Ras Mohammed should be on every diver’s wish list and it is one of the highlights of diving in Sharm el Sheikh.  The area offers diverse diving at a world class standard; the coral is vibrant and healthy, the marine life covers every inch of the reef, there are great wrecks and there is always the chance of a fantastic encounter with one of several pelagics that cruise the area.

www.cameldive.com

www.egypt.travel/diving-in-egypt

For more from Nick and Caroline visit www.frogfishphotography.com.

Nick and Caroline (Frogfish Photography) are a married couple of conservation driven underwater photo-journalists and authors. Both have honours degrees from Manchester University, in Environmental Biology and Biology respectively, with Nick being a Fellow of the Royal Photographic Society, a former high school science teacher with a DipEd in Teaching Studies. Caroline has an MSc in Animal Behaviour specializing in Caribbean Ecology. They are multiple award-winning photographers and along with 4 published books, feature regularly in the diving, wildlife and international press They are the Underwater Photography and Deputy Editors at Scubaverse and Dive Travel Adventures. Winners of the Caribbean Tourism Organization Photo-journalist of the Year for a feature on Shark Diving in The Bahamas, and they have been placed in every year they have entered. Nick and Caroline regularly use their free time to visit schools, both in the UK and on their travels, to discuss the important issues of marine conservation, sharks and plastic pollution. They are ambassadors for Sharks4Kids and founders of SeaStraw. They are supported by Mares, Paralenz, Nauticam and Olympus. To find out more visit www.frogfishphotography.com

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And the 5 winners of our free tickets to this weekend’s Scuba.Digital Show competition are…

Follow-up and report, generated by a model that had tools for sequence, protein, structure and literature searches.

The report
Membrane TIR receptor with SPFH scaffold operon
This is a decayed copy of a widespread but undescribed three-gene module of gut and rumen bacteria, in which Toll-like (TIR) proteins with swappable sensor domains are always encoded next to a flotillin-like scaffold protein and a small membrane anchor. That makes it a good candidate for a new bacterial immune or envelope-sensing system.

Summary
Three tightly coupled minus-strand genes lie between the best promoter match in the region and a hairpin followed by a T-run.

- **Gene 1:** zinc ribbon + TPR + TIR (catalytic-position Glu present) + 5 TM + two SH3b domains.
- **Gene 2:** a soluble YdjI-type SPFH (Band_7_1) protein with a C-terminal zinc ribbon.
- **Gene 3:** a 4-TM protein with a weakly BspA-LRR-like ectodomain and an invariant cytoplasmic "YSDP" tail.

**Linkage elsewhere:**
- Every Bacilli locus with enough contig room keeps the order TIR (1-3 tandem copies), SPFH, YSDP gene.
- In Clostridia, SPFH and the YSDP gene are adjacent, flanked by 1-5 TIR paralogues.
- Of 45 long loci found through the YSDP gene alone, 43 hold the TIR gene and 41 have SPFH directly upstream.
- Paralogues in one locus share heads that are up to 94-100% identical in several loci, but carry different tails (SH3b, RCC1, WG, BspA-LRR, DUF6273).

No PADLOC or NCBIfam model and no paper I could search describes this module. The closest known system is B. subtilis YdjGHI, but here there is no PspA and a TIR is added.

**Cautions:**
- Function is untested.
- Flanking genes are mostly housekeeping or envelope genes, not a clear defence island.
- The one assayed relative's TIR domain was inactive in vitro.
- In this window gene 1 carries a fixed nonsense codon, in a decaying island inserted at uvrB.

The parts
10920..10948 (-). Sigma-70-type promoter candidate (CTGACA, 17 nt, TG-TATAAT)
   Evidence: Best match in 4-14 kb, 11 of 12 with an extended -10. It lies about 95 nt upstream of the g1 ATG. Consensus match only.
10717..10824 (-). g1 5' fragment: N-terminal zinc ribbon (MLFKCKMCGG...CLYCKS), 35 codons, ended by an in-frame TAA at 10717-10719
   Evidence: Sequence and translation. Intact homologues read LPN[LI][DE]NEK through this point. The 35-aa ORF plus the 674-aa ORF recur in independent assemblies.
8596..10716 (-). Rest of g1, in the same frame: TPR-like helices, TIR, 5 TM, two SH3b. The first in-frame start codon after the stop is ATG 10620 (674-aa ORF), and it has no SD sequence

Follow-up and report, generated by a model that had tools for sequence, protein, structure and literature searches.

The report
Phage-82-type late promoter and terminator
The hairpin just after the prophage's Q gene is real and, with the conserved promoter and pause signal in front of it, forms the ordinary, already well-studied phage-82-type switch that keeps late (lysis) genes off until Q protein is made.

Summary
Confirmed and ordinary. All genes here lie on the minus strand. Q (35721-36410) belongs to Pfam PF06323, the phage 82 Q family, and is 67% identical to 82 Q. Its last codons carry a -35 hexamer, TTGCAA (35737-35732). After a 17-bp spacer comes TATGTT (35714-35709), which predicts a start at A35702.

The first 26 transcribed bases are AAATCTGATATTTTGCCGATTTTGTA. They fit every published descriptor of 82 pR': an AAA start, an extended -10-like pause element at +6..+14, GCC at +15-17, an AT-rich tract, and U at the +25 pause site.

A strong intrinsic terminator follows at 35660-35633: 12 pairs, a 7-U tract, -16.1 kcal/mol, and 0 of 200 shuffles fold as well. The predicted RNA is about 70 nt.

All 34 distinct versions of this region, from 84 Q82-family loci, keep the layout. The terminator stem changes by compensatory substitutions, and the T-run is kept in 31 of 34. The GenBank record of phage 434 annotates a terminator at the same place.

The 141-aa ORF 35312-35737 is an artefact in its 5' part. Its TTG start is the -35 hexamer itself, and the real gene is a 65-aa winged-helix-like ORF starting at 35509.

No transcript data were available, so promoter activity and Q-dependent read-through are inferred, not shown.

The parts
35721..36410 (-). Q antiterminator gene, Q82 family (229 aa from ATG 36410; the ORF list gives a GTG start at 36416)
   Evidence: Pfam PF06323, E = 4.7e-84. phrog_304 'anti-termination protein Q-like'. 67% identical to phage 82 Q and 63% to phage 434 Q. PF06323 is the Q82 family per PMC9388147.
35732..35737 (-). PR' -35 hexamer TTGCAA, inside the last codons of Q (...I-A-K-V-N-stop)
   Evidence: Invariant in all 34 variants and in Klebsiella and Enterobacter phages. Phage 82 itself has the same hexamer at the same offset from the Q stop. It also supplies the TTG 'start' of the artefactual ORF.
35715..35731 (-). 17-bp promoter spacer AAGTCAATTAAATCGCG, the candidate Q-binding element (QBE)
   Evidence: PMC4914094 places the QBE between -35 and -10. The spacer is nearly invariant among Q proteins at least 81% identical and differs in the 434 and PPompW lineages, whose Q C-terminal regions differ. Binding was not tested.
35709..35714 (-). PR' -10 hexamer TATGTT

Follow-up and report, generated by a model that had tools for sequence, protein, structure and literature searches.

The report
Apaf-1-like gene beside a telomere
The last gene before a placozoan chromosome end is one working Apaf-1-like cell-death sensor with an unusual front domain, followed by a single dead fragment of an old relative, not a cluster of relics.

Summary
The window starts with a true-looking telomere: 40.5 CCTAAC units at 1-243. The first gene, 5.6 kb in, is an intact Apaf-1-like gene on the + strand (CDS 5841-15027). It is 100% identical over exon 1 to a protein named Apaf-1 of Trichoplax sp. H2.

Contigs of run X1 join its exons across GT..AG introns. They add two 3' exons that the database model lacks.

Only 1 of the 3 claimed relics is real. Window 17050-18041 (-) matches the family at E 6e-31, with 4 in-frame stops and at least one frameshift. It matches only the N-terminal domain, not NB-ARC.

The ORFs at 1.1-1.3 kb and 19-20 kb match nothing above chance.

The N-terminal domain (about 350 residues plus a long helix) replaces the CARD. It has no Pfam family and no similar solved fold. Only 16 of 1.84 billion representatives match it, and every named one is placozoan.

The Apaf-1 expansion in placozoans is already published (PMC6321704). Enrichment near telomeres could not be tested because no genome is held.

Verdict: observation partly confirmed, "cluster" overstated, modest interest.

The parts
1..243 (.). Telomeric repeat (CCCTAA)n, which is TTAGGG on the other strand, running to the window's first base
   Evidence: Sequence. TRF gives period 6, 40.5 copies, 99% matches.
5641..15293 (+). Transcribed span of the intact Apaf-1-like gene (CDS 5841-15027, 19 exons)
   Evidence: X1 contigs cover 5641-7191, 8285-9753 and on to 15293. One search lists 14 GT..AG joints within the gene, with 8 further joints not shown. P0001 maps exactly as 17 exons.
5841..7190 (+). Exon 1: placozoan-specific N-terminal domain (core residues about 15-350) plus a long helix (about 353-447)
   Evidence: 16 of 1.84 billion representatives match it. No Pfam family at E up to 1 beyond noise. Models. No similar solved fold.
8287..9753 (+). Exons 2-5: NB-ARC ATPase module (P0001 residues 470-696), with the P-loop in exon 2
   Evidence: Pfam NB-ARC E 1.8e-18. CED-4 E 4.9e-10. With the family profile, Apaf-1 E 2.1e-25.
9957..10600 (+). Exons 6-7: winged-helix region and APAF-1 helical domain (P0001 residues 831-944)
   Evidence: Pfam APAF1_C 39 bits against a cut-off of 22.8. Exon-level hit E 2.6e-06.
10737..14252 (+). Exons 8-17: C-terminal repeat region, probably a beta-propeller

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We’d like to say a big thank you to all of you who entered our competition to win a free ticket to this weekend’s Scuba.Digital online dive show!

As usual, lots of you entered… but there can, of course, be only five winners!!

And those winners are…

  • Beth Carr from the USA
  • Steven Turnbull from the UK
  • Wendy Van Oosterwijck from Belgium
  • Eric Lim from Malaysia, and
  • David Polanik from the USA.

Congratulations to you all – your tickets will be on their way to you soon!

Not a winner this time? Don’t worry – there are plenty of other competitions running on Scubaverse.com right now. To see what other awesome prizes you could be in with a chance of winning, click here!

And if you didn’t win, be sure to get yourself a ticket and check out Scuba.Digital from tomorrow, 23rd October until Sunday 26th October 2020. See you there!

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Gear News

Gear Maintenance: Episode 1 Masks – Sponsored by Dive Rite (Watch Video)

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Everything you need to know to make your scuba diving mask last a lifetime! Welcome to Gear Maintenance!

If you want to support Divers Ready! (for free!) support our sponsor for this series of videos: Dive Rite

To enter to win the ES155 Mask from Dive Rite, you need to:

  1. Subscribe to Divers Ready! if you haven’t already: https://www.youtube.com/c/diversready?sub_confirmation=1
  2. Enter the contest here: https://gleam.io/LOgJt/dive-rite-es155-mask-giveaway

A scuba diving mask is a seemingly simple piece of kit, but there are things that can wrong with it. Proper care, cleaning and preventative maintenance will help you keep your scuba mask in the best condition for years and years. We’ve packed this video full of hints and tips covering storage, protection, cleaning, defogging and maintenance to help you protect the investment you’ve made in your dive equipment.

Oh, and here’s the soft case I recommend. (Yes, this is an affiliate link. Purchases made through this link m ay earn me a small commission at no additional cost to you.)

Mask case: https://amzn.to/35b6Avj

Good luck to everyone!

D.S.D.O

James


Subscribe here: http://bit.ly/DiversReady